“Part of it is resale value,” he says. “Anybody who comes into that house is going to expect to find certain things in certain rooms.”

All this, of course, is in addition to the common recreational area many homeowners set aside for the kids in their lives — something that accommodates model-train setups, extensive Lego projects and ballet practices in front of a mirrored wall. Some of Palmieri’s clients are adding an arts-and-crafts room with a utility sink, large table and storage where kids can paint, sculpt or scrapbook without fear of dirtying their surroundings.

“You can start something and not clean it up,” Palmieri adds. “If you’re in your kitchen, you have to put everything away so you can set up for dinner.”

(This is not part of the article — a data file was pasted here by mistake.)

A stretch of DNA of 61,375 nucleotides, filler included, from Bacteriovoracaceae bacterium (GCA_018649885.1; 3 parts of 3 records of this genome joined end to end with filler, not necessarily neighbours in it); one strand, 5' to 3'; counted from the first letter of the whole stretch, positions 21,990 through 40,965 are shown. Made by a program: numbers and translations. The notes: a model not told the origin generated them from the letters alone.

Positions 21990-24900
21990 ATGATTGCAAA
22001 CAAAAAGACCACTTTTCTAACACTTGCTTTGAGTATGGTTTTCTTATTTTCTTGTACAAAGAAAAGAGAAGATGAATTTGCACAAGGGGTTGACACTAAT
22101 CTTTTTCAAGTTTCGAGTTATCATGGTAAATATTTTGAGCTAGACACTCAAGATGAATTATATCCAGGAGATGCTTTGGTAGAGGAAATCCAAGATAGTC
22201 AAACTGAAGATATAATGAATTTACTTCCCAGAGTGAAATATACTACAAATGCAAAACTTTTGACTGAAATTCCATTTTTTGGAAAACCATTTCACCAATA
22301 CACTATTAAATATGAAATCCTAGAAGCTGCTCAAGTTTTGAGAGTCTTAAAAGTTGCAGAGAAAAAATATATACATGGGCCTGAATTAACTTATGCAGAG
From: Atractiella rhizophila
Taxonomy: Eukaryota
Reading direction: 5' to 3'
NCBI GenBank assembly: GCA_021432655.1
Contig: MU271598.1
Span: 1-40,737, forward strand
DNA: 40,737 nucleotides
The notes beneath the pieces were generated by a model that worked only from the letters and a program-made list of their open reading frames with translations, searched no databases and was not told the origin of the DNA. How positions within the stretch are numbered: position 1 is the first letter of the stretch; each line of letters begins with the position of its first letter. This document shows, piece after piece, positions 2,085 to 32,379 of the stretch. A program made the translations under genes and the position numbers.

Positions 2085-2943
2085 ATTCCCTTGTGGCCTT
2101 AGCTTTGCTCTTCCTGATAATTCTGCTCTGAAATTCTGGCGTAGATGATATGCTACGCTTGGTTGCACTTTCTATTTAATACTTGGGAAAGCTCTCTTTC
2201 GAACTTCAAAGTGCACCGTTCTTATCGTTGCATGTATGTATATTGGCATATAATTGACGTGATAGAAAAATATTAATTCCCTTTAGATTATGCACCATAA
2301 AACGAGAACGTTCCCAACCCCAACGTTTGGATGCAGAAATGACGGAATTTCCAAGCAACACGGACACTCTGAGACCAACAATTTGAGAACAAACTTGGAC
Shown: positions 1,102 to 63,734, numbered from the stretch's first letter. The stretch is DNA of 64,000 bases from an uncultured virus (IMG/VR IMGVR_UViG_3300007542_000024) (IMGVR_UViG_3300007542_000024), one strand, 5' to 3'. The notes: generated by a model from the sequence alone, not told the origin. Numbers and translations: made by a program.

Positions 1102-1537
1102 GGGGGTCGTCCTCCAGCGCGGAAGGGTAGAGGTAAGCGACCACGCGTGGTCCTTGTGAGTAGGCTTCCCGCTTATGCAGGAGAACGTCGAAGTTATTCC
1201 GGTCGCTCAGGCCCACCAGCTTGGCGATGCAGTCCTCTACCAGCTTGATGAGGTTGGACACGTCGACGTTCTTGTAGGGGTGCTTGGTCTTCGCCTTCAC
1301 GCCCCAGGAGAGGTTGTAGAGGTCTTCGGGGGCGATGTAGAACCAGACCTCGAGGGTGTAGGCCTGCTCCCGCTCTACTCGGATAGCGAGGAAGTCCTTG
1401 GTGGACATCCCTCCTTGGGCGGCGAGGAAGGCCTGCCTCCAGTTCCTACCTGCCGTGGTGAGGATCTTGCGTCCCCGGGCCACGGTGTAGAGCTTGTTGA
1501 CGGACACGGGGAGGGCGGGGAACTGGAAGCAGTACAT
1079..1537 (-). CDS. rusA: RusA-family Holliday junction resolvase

When it comes to decorating these spaces, some parents and grandparents go to delightful extremes. In recent years Palmieri’s projects have included an “Alice in Wonderland”-themed bedroom and a playroom fit for a princess. The former featured giant daisies painted on the walls and a 7-foot-high three-dimensional wooden mushroom that served as an entrance to an adjoining playroom. The latter was created by painting a mural of a castle, building a three-dimensional turret that could be used to stage puppet shows and covering both in tiles painted to look like stone. A curving blue-carpet moat — including a bobbing fabric crocodile ­­— was inlaid in the wall-to-wall grass-green pile to complete the fairy-tale scene.